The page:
AS: Tony Hsieh, CEO of Zappos, has been a big supporter of Turntable Health as part of the Downtown Las Vegas Project, and the city has also been very receptive. What was your value proposition to them as part of these urban revitalization projects?

ZD: I’ll tell you the city hasn’t invested in us at all. We are an entirely private entity, so had no pitch to them except that, “Hey, this is going to improve care, and it’s going to drive a creative class influx of young doctors who want to work here.” In a city that’s been characterized by relative fragmentation and lower quality, the selling point is simply to improve the quality of care for as many people as possible and bring in new jobs and a creative class of people to a place that hasn’t been known for that.

For Tony, the pitch was that we’re trying to transform the world by fixing health care, and our hypothesis is that if you fix primary care, by extension, you’ll fix the rest of health care. Everything else will ripple out and fall into place. It’ll take a little while to get there, but this is a play to do that. Our focus is on changing the culture of how we provide care – collaboration, focus around the patient, and also a supportive team that has each others’ backs – those sort of transformative ideas very much resonated with Tony so the value prop to Tony was pretty clear: fixed culture, fixed health care in a disruptive way, change the world and solve its incarnate trillion-dollar problem.

AS: So, we’re interested in helping startups figure out what the next “big thing” is going to be and how to execute in the space. Particularly in health care, having a great product is never enough. There needs to be a thorough understanding of the space. What advice would you give to someone who’s starting a health care company now?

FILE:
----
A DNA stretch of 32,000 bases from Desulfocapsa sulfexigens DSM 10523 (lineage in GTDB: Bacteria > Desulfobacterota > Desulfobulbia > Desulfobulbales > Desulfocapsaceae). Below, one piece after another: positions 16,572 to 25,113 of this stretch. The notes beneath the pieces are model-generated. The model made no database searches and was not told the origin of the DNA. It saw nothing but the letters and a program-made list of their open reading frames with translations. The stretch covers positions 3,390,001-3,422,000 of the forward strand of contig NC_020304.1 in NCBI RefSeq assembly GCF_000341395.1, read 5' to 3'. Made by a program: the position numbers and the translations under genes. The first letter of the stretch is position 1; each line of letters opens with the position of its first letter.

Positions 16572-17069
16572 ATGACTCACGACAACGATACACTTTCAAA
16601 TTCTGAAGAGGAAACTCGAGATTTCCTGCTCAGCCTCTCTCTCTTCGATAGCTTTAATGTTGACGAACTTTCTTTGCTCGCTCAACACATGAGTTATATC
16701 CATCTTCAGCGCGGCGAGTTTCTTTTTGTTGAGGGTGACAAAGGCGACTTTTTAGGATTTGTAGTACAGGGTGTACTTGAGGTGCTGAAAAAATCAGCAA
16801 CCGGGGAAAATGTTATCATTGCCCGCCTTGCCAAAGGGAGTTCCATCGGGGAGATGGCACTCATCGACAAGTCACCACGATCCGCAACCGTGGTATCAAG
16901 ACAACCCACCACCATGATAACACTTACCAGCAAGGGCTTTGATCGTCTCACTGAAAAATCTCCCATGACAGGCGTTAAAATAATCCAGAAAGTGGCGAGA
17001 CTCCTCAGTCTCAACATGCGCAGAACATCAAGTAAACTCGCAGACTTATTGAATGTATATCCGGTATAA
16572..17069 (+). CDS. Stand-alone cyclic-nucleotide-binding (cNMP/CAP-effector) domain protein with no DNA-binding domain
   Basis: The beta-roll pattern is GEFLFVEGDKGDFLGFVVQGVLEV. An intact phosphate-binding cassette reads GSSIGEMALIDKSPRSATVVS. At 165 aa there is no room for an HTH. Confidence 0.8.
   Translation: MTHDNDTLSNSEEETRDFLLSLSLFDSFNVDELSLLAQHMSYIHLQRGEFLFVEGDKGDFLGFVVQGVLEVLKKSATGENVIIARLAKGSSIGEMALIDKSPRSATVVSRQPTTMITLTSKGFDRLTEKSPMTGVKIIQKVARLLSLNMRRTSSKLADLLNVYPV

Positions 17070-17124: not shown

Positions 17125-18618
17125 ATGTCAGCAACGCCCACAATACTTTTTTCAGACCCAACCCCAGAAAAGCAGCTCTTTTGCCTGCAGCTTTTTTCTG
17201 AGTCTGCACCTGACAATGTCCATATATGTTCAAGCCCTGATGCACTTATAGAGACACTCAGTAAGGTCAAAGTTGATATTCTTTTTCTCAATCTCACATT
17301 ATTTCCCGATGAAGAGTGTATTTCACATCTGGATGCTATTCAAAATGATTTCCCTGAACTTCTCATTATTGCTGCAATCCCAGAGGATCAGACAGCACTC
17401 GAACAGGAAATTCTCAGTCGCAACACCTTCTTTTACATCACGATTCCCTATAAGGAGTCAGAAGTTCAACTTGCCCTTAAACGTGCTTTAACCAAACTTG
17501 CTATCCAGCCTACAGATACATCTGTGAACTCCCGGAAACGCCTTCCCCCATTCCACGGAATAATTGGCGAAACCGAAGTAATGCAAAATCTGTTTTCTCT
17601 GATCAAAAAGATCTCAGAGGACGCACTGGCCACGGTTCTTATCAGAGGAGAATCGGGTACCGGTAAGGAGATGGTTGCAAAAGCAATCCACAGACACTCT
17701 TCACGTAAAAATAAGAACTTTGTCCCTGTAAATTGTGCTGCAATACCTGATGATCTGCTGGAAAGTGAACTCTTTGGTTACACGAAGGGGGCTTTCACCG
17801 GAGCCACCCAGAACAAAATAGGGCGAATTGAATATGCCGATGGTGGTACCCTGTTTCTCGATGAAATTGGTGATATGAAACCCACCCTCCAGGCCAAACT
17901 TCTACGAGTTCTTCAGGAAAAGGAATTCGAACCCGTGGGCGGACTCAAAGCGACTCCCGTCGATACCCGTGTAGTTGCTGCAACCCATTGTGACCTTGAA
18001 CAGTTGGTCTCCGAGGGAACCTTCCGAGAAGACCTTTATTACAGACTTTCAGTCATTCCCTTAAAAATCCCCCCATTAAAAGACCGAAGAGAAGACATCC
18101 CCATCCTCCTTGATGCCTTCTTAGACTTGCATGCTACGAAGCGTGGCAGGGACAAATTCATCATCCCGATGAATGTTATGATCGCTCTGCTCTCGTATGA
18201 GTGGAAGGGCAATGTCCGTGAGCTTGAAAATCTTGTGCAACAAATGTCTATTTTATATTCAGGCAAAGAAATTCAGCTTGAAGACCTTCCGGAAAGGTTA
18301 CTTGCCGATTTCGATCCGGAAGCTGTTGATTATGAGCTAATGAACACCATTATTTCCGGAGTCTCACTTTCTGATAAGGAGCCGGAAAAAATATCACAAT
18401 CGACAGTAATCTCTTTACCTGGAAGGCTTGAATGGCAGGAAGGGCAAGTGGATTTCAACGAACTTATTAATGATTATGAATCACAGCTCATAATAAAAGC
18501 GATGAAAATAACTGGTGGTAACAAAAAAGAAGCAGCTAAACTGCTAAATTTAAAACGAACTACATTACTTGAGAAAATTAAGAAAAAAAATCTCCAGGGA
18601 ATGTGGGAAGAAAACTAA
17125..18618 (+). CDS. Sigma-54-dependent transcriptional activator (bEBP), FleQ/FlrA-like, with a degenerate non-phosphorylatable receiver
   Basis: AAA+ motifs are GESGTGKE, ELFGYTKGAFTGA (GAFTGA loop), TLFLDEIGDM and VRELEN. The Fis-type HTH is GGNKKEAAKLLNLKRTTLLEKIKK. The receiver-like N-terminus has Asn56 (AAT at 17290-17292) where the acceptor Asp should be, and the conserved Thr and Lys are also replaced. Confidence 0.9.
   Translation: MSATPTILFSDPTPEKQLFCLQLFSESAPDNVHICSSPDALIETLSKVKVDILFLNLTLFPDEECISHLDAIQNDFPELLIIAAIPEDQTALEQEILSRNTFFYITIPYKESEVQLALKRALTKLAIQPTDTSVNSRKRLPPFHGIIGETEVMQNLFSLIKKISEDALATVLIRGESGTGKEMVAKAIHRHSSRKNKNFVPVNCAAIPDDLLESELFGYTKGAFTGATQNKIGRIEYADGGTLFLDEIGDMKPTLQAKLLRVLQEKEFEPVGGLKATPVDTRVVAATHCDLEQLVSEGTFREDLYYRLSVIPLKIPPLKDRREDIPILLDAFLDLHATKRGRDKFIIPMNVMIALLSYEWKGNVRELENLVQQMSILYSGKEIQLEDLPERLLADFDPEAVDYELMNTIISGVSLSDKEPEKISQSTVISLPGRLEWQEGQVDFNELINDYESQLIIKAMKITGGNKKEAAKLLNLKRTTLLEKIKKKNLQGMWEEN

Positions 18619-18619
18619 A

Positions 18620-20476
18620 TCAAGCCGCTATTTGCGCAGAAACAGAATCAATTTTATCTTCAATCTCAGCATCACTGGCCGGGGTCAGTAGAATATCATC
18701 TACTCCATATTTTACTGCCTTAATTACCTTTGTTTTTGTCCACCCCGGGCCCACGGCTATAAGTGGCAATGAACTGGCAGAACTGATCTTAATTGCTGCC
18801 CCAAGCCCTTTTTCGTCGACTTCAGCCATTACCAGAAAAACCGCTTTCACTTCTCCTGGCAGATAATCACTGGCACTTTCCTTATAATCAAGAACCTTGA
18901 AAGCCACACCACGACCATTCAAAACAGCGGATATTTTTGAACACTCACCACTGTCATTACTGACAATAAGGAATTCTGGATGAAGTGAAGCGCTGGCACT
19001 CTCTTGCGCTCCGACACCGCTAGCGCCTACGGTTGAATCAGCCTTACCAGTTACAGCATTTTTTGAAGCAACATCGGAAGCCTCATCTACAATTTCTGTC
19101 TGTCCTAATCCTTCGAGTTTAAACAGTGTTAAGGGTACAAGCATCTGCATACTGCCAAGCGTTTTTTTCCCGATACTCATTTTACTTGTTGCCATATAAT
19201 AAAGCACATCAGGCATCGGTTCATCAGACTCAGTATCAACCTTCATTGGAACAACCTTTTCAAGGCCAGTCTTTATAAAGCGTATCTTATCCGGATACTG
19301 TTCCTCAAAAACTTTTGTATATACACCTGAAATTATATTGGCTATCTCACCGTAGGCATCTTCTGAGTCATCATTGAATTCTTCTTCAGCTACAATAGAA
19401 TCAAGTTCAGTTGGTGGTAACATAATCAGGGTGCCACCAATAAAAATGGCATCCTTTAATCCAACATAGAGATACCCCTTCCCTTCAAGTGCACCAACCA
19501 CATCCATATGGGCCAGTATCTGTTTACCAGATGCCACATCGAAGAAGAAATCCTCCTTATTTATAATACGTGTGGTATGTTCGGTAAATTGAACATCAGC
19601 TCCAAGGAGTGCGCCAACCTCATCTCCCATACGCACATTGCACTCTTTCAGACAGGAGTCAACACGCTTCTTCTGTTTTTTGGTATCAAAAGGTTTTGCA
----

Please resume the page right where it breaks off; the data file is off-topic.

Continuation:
ZD: I would say is that this is one of the most exciting times to be in healthcare because I think we’re at a tipping point. You couldn’t really say this in the ‘90s or most of the 2000s. I think ACA has pushed this issue into the forefront again and the whole medical space. I think the major players are terrified about what’s coming down the pipe. There’s so much uncertainty, and now is a great time if you’re doing something disruptive to come in and do it. Now what I would say is that if you’re a fledgling company, you need credibility and you need to have physician input or actual provider input. You have to solve an actual problem that is real. Not just something that you imagine is a problem but something that is an actual real problem. You need guidance and feedback from providers who have been in the trenches to  keep you from drifting off course.

Once you’ve identified the problem, go somewhere where the system is as weak as it can be, so you can actually get some traction, build your brand and be disruptive. That’s why we chose Vegas, in part. Make sure you’re interacting with physicians and providers so that you know: 1) there’s credibility and 2) you’re getting the right input. Unfortunately, there’s no magic answer here.

Arnab Sarker is a healthcare consultant and medical/business student at the University of Virginia School of Medicine and Darden School of Business. He is the former Director of Operations of K Street Capital and regularly advises on issues related to health IT strategy and venture funding.

Arnab Sarker

1776 Health Columnist

Arnab Sarker is an independent healthcare consultant, medical student, and former Director of Operations of K Street Capital. He writes/thinks/breathes about healthcare trends and how policy, technology and medicine can…